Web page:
Public Service Company of New Mexico, or PNM, and now the State of New Mexico are lashing out against an EPA plan to clean up the coal burning San Juan Generating Station.
It’s a shame, because as we’ve pointed out, not only will the EPA’s plan save lives, it will drastically reduce haze and smog forming pollution from the four smokestacks of the San Juan Generating Station. Consider that under the EPA’s plan, air pollution will be cut by more than 80%, while under a PNM-sponsored plan, pollution would be cut by only 20%.
For the 600 people that every year suffer asthma attacks triggered by the San Juan Generating Station, the difference between a 20% and 80% cut in pollution could literally be a life and death situation.
Veiled as an effort to “preserve low cost electricity,” PNM and New Mexico’s opposition really comes down to politics. Remember, New Mexico’s new Governor, Susana Martinez, has vowed to “undo” former Governor Bill Richardson’s efforts to safeguard the environment. And as far as PNM is concerned, this is the same company that paid millions over clean air violations at the San Juan Generating Station, then turned around and violated clean air laws yet again.
And really, the politics are incredibly obvious. Both PNM and New Mexico filed petitions with the EPA requesting the agency “reconsider” its clean air plan. The basis for the requests? That EPA was wrong to adopt its own clean up plan in light of the fact that the State of New Mexico had “submitted” its own plan.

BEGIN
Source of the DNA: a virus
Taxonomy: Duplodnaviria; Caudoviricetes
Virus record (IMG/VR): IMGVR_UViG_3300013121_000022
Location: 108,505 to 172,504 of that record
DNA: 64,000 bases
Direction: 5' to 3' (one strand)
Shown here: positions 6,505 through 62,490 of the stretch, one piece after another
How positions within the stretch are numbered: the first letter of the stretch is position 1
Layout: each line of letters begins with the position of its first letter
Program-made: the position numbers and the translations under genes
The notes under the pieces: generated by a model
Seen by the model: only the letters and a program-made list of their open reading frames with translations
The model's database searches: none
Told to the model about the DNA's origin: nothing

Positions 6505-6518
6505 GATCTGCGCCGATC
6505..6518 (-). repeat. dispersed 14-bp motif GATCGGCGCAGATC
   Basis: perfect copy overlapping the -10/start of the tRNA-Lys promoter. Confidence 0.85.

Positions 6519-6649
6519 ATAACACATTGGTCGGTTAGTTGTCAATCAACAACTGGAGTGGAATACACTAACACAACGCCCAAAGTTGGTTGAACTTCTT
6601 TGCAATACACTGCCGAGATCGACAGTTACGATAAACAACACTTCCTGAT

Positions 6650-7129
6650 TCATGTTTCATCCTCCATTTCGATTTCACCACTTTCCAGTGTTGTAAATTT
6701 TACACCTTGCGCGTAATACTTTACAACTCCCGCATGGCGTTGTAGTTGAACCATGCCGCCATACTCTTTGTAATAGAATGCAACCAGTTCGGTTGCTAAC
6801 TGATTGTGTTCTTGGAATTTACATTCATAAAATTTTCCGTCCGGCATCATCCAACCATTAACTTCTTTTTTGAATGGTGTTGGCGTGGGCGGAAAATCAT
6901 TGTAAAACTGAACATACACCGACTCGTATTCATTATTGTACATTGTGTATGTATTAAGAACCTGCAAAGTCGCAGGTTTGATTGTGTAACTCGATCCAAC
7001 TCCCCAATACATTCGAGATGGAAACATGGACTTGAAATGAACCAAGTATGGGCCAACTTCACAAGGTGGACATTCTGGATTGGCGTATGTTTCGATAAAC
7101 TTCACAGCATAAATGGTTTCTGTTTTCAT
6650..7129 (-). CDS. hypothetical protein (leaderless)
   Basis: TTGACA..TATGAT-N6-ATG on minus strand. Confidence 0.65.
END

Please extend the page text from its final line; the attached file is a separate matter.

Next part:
Well, guess what? That’s not how the Clean Air Act works.
Under the law, states are, in fact, charged with adopting clean air rules that are consistent with the Clean Air Act. And they have to submit these rules for EPA approval.
But when states adopt clean air rules that are inconsistent with the Clean Air Act, the EPA is legally mandated to adopt its own clean air rules, called a Federal Implementation Plan. Simply because a state, like New Mexico “submits” a clean air rule doesn’t let the EPA off the hook, particularly where the clean air is completely inadequate.
Judge Arguello with the U.S. District Court for the District of Colorado recently rejected the same argument, which was put forward by the State of North Dakota. In a ruling adopting a WildEarth Guardians settlement agreement with the EPA, Judge Arguello stated:
North Dakota’s construction of the [Clean Air] Act would seemingly allow a state to indefinitely postpone the promulgation of a FIP [Federal Implementation Plan] by filing inadequate SIP [State Implementation Plan] after inadequate SIP, and demanding that the EPA approve or disapprove of them before promulgating a FIP.
In other words, a state can’t derail EPA’s effort to adopt a Federal Implementation Plan simply because it submits its own clean air plan, especially where the state clean air plan is inadequate. Yet that’s exactly what PNM and New Mexico are demanding.
It’s bizarre, because what it really means is that PNM and New Mexico are demanding that the EPA reject the inadequate state clean air plan before it adopts a federal plan. The result would be that no clean air plan would ever be adopted.
Of course, maybe that’s really what PNM and New Mexico are after. Perhaps the 20% reduction plan is simply a tactic to avoid doing anything at all to cut smog and haze forming pollution at the San Juan Generating Station.
It’s not a stretch, especially given the rhetoric from PNM and New Mexico so far. Perhaps all they’re really after is a free pass to pollute.
It’s disturbing, but ultimately will prove to be wishful thinking. The Clean Air Act is on our side on this one. Sooner or later, PNM and New Mexico are just going to have to suck it up and start to protect clean air in New Mexico.
The San Juan Generating Station in northwestern New Mexico.